From the halls of Congress to your local grocery store produce aisle, to the 2020 presidential campaign, masks and face coverings seem to be a more divisive topic than abortion or gun control. It’s more likely that Americans could come to reason on the latter two topics but still be unable to agree whether masks to reduce the spread of Covid-19 are necessary or should be mandated.
We were ahead of the curve highlighting this issue last month, and now it seems that as the number of Coronavirus infections continue to spread, spiking in some locations, the issue won’t be put to be anytime soon.
A recent NBC News story dove into the question at length, noting the types of confrontations happening around the country:
Sarah Curran was at a grocery store last week, browsing the soup aisle with a mask on, when a shopper without a face covering approached her and shook his head.
“You know COVID is a hoax,” the man said, according to Curran. “I don’t understand why people are still wearing masks.”
“You really want to argue this with me?” she asked the man after telling him what she does for a living.
“Normally, I’m not the confrontational type, but I just couldn’t hold it back,” Curran told NBC News. “This little old lady down the aisle was clapping, and the guy just kind of walked away.”
Across the country, there is a deepening divide between Americans who are firmly adhering to guidelines issued by public health officials to avoid the spread of the coronavirus and those who believe the recommendations are overkill, contradictory or just plain annoying.
In some cases, government officials have received threats when attempting to impose a mask order:
Masks, in particular, have become a flashpoint from coast to coast: In California, Orange County’s chief health officer recently resigned after she received death threats for her countywide mask order.
The state of New York followed eventually by Virginia, issued orders for statewide face coverings for all residents when in public places, such as grocery stores or other retail outlets. Other states have taken various approaches. Some requiring masks for certain businesses and employees and letting localities, such as cities like Los Angeles, impose a mask order on residents. Sometimes this includes customers, sometimes just employees.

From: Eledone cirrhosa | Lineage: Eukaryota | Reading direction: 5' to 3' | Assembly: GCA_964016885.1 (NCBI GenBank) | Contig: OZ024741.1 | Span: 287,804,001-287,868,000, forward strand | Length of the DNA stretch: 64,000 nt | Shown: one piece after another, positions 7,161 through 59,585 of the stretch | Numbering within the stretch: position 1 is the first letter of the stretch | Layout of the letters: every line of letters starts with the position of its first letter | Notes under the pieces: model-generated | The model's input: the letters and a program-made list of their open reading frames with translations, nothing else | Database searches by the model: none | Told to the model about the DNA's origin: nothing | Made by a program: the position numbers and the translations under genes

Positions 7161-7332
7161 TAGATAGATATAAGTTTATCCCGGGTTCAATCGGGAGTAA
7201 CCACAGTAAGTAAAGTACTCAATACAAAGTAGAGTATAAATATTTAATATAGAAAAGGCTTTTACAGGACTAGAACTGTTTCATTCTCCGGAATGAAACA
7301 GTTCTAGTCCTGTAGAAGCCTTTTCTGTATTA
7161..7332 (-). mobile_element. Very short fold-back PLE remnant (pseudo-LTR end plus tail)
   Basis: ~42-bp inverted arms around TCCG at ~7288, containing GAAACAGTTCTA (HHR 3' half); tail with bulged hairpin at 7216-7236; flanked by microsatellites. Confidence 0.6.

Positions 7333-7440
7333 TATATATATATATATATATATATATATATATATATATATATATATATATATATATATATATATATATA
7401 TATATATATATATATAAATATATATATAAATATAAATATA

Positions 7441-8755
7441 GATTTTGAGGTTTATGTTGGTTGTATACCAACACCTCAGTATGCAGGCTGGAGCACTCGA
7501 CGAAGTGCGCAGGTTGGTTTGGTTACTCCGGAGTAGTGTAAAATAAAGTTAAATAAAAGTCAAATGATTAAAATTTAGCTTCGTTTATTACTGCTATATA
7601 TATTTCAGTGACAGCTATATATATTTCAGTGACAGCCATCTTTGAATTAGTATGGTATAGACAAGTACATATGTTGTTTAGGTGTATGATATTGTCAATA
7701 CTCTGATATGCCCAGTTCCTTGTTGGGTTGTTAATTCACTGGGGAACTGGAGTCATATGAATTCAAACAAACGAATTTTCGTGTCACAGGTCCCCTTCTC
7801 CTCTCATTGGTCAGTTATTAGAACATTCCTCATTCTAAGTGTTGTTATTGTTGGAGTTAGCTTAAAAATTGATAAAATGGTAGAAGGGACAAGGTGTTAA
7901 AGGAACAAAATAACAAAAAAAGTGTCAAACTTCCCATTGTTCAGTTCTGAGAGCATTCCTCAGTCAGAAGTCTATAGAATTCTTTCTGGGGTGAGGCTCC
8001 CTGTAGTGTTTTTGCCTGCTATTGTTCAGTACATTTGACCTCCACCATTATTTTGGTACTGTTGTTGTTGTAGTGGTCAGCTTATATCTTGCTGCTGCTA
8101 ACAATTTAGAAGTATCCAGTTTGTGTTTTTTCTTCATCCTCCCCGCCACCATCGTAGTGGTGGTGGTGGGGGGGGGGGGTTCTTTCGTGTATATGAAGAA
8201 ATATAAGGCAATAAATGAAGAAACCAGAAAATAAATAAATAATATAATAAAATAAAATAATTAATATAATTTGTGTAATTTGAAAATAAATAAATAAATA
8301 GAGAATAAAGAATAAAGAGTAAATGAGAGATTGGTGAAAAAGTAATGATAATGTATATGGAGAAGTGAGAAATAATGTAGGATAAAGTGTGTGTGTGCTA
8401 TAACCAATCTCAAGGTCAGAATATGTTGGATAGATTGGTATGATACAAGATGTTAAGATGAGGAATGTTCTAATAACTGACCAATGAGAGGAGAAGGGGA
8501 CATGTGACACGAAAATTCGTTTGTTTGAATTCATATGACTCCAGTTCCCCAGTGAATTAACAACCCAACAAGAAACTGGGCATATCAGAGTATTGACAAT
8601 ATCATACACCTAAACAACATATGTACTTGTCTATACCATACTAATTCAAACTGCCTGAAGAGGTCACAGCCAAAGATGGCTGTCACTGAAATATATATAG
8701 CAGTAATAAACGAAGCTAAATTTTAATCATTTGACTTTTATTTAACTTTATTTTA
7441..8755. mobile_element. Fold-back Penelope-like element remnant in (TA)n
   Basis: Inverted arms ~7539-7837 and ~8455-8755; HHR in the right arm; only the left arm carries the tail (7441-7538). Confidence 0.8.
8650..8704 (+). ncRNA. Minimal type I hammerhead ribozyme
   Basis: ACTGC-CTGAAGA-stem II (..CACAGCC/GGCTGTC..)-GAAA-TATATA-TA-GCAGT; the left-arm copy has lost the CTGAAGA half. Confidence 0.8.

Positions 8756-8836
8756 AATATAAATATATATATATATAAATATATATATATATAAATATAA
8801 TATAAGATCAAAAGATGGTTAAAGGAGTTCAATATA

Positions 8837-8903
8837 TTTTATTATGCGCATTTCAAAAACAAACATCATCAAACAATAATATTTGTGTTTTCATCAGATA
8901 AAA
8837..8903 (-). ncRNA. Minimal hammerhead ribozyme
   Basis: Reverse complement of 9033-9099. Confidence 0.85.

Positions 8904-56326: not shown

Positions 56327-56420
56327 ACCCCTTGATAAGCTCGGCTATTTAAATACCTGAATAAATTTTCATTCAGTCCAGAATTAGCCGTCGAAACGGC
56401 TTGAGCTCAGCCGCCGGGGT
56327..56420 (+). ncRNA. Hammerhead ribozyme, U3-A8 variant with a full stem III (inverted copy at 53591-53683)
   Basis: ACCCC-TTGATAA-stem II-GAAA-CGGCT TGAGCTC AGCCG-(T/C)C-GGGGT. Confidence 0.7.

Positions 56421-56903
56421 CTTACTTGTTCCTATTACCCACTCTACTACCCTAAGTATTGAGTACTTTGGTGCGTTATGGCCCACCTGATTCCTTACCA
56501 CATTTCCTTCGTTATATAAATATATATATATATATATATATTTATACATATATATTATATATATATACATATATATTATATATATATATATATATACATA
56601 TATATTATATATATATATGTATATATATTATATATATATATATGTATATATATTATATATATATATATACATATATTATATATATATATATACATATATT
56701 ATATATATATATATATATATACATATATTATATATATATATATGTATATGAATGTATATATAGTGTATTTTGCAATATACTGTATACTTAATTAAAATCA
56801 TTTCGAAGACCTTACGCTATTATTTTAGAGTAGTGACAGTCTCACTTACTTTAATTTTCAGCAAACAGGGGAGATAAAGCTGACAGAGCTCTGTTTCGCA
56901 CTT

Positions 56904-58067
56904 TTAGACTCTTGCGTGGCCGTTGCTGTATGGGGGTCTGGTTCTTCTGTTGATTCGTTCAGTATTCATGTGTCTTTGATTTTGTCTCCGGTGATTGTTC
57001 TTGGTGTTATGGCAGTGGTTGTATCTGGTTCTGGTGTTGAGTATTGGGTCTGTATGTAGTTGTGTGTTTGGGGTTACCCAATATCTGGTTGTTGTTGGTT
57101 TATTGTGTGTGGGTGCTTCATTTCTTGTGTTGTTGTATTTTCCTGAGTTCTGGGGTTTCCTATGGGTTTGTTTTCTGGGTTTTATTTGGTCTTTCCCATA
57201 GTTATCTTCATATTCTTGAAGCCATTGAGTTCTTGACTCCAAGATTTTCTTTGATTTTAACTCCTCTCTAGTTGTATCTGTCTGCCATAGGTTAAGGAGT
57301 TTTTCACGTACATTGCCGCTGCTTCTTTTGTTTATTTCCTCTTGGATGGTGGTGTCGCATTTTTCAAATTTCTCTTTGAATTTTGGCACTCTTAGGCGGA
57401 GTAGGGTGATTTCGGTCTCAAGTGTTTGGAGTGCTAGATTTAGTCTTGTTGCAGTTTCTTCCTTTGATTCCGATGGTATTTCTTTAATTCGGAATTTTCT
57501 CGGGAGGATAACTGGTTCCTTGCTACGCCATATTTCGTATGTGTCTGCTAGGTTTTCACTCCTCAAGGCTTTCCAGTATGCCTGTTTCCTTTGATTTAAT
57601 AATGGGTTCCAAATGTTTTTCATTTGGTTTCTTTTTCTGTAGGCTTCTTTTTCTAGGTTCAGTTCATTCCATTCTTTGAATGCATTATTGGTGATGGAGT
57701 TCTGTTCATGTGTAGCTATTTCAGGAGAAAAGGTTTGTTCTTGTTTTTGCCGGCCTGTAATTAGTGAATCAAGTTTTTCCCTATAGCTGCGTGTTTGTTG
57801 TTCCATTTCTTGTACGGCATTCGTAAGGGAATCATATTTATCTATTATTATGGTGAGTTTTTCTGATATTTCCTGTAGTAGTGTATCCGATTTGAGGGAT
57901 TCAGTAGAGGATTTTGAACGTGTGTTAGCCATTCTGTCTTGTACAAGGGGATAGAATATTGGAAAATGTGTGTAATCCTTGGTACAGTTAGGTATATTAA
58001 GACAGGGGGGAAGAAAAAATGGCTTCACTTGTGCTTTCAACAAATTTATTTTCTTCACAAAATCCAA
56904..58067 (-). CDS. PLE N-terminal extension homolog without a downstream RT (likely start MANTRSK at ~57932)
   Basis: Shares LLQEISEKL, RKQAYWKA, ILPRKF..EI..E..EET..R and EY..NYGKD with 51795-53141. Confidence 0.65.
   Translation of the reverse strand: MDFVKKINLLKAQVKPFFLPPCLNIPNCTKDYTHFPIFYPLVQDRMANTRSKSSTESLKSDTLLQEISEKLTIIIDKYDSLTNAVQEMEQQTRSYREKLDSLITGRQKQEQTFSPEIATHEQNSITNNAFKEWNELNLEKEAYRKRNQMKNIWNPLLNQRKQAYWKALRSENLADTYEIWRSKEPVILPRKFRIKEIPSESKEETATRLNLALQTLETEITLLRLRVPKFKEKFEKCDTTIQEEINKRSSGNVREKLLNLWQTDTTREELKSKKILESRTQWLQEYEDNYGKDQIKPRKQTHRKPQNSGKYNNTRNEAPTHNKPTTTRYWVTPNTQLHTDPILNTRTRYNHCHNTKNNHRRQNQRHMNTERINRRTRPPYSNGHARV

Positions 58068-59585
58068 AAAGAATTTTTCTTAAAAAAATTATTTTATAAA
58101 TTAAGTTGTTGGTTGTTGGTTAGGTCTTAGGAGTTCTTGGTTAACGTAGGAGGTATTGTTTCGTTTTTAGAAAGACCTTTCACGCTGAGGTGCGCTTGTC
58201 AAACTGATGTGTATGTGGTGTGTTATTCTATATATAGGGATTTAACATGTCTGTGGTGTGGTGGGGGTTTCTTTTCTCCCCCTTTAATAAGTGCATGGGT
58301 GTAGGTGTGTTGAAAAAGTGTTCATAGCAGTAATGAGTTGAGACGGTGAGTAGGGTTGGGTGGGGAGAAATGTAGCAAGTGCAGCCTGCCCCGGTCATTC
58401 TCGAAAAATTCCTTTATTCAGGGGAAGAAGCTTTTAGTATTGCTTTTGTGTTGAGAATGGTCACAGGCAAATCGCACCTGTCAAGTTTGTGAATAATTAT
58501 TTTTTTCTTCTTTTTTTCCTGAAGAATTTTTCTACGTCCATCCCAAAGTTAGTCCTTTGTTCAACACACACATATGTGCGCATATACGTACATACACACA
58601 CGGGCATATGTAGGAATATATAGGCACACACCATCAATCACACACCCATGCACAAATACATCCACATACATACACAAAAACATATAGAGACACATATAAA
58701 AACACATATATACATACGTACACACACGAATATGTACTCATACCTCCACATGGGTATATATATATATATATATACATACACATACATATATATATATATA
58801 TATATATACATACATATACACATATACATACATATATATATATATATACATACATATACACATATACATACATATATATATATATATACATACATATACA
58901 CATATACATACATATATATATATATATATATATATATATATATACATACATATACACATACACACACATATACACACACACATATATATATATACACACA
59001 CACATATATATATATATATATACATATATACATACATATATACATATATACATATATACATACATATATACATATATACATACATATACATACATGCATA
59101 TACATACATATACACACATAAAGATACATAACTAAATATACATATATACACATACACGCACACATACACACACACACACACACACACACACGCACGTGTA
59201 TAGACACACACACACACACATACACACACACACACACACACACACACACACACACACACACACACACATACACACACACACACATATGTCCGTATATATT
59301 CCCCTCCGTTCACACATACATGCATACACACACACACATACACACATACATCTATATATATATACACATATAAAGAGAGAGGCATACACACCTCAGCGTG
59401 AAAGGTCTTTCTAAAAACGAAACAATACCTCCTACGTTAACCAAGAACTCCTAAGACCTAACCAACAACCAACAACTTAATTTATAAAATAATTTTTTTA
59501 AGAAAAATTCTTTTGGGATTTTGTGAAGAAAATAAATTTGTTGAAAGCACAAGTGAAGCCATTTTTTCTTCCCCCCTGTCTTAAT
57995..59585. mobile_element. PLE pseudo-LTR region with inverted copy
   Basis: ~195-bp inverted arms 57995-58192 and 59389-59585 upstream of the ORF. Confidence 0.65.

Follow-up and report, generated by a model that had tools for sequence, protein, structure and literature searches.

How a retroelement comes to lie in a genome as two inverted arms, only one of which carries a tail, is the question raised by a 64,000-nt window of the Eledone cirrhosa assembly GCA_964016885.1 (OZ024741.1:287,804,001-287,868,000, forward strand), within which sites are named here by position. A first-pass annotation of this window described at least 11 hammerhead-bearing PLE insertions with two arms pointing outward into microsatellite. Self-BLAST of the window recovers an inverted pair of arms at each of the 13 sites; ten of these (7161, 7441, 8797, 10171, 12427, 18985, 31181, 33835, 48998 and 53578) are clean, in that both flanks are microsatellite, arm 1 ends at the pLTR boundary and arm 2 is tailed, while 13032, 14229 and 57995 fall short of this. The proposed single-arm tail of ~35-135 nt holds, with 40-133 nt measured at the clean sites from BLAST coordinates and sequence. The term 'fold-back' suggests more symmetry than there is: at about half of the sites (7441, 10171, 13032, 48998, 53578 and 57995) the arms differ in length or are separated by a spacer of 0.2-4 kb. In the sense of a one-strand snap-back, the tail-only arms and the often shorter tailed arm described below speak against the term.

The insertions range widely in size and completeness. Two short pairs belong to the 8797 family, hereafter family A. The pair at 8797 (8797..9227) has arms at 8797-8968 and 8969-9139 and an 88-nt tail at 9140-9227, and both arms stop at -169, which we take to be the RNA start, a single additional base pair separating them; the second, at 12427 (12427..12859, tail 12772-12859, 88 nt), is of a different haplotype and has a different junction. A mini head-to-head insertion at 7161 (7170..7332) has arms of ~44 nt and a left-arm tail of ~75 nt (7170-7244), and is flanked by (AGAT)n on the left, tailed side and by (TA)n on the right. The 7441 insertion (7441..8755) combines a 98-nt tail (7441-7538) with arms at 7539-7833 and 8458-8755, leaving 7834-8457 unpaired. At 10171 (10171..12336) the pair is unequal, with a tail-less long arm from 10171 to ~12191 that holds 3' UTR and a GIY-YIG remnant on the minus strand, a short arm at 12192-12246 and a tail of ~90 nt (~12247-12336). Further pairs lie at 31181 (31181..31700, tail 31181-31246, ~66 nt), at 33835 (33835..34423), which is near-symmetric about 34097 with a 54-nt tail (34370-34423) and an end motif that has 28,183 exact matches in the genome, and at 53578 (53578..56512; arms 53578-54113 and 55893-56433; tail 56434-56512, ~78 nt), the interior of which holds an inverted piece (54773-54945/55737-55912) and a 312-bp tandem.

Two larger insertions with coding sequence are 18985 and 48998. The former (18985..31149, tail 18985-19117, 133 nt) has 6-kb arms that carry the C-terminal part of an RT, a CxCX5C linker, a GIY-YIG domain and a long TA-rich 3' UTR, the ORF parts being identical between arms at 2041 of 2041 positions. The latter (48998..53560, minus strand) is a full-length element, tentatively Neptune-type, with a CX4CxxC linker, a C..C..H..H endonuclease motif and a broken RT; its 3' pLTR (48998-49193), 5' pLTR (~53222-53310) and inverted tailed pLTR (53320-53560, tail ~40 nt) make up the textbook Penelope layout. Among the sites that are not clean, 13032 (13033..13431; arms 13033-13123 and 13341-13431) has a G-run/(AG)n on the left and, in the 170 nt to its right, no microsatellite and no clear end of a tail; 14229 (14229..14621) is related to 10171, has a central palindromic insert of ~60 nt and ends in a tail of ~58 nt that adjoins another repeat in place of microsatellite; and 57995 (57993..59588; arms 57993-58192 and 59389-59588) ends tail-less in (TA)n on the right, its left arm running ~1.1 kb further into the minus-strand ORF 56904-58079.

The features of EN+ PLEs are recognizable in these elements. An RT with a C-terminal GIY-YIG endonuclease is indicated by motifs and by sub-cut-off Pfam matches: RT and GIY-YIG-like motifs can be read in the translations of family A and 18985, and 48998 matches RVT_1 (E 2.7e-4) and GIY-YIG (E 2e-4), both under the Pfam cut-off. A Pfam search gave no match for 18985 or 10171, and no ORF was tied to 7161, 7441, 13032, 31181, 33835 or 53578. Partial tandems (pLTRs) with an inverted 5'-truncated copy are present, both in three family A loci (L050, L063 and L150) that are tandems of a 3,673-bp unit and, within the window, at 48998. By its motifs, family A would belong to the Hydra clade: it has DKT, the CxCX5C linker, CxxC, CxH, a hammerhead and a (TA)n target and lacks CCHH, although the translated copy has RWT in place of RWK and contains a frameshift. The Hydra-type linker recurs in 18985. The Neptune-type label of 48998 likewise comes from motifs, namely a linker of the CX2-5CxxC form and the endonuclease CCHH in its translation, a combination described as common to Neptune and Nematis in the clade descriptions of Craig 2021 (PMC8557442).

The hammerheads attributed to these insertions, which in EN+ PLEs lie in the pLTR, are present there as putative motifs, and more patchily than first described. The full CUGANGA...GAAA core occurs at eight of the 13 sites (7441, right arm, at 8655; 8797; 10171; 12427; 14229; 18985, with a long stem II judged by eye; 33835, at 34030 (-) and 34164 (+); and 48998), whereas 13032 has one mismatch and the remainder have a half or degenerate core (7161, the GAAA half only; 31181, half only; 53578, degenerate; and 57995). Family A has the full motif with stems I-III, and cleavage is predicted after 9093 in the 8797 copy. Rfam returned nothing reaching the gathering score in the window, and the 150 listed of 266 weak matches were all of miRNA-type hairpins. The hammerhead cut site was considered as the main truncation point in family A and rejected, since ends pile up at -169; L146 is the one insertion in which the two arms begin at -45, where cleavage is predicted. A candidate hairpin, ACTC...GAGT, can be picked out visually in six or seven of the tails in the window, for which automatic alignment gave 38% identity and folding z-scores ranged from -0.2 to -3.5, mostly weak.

The mangled patchwork of mask requirements varies almost county to county in some parts of the country, check this compiled list by Littler for details if you intend to do any traveling this summer.
Congress is split on the issue, somewhat along partisan lines but not entirely. House Speaker Nancy Pelosi mandated to all House committee leaders that masks are required during committee meetings because some Republicans weren’t wearing them:
House Speaker Nancy Pelosi officially requested late Tuesday that congressional committee chairs require face masks at proceedings and bar lawmakers who fail to comply.
“For U.S. House of Representatives meetings in a limited enclosed space, such as a committee hearing room, for greater than 15 minutes, face coverings are REQUIRED,” Capitol physician Dr. Brian Monahan wrote in a memo issued Tuesday.
The new requirement may come to a head Wednesday during the House Judiciary Committee vote on a police reform measure.
Members of the committee were seen wearing masks during their markup of the bill Wednesday, removing them at times to speak.
Most Congressmen and Senators wear masks around the building and on the floor of their respective chambers, removing them only to speak.
There is a split on masks over whether they’re effective, and whether they can or should be required. Some people believe they’re effective, but don’t believe they should be required. Some people believe they’re ineffective and therefore should never be required. The final group simply doesn’t care either way and isn’t participating in the face dress-up party.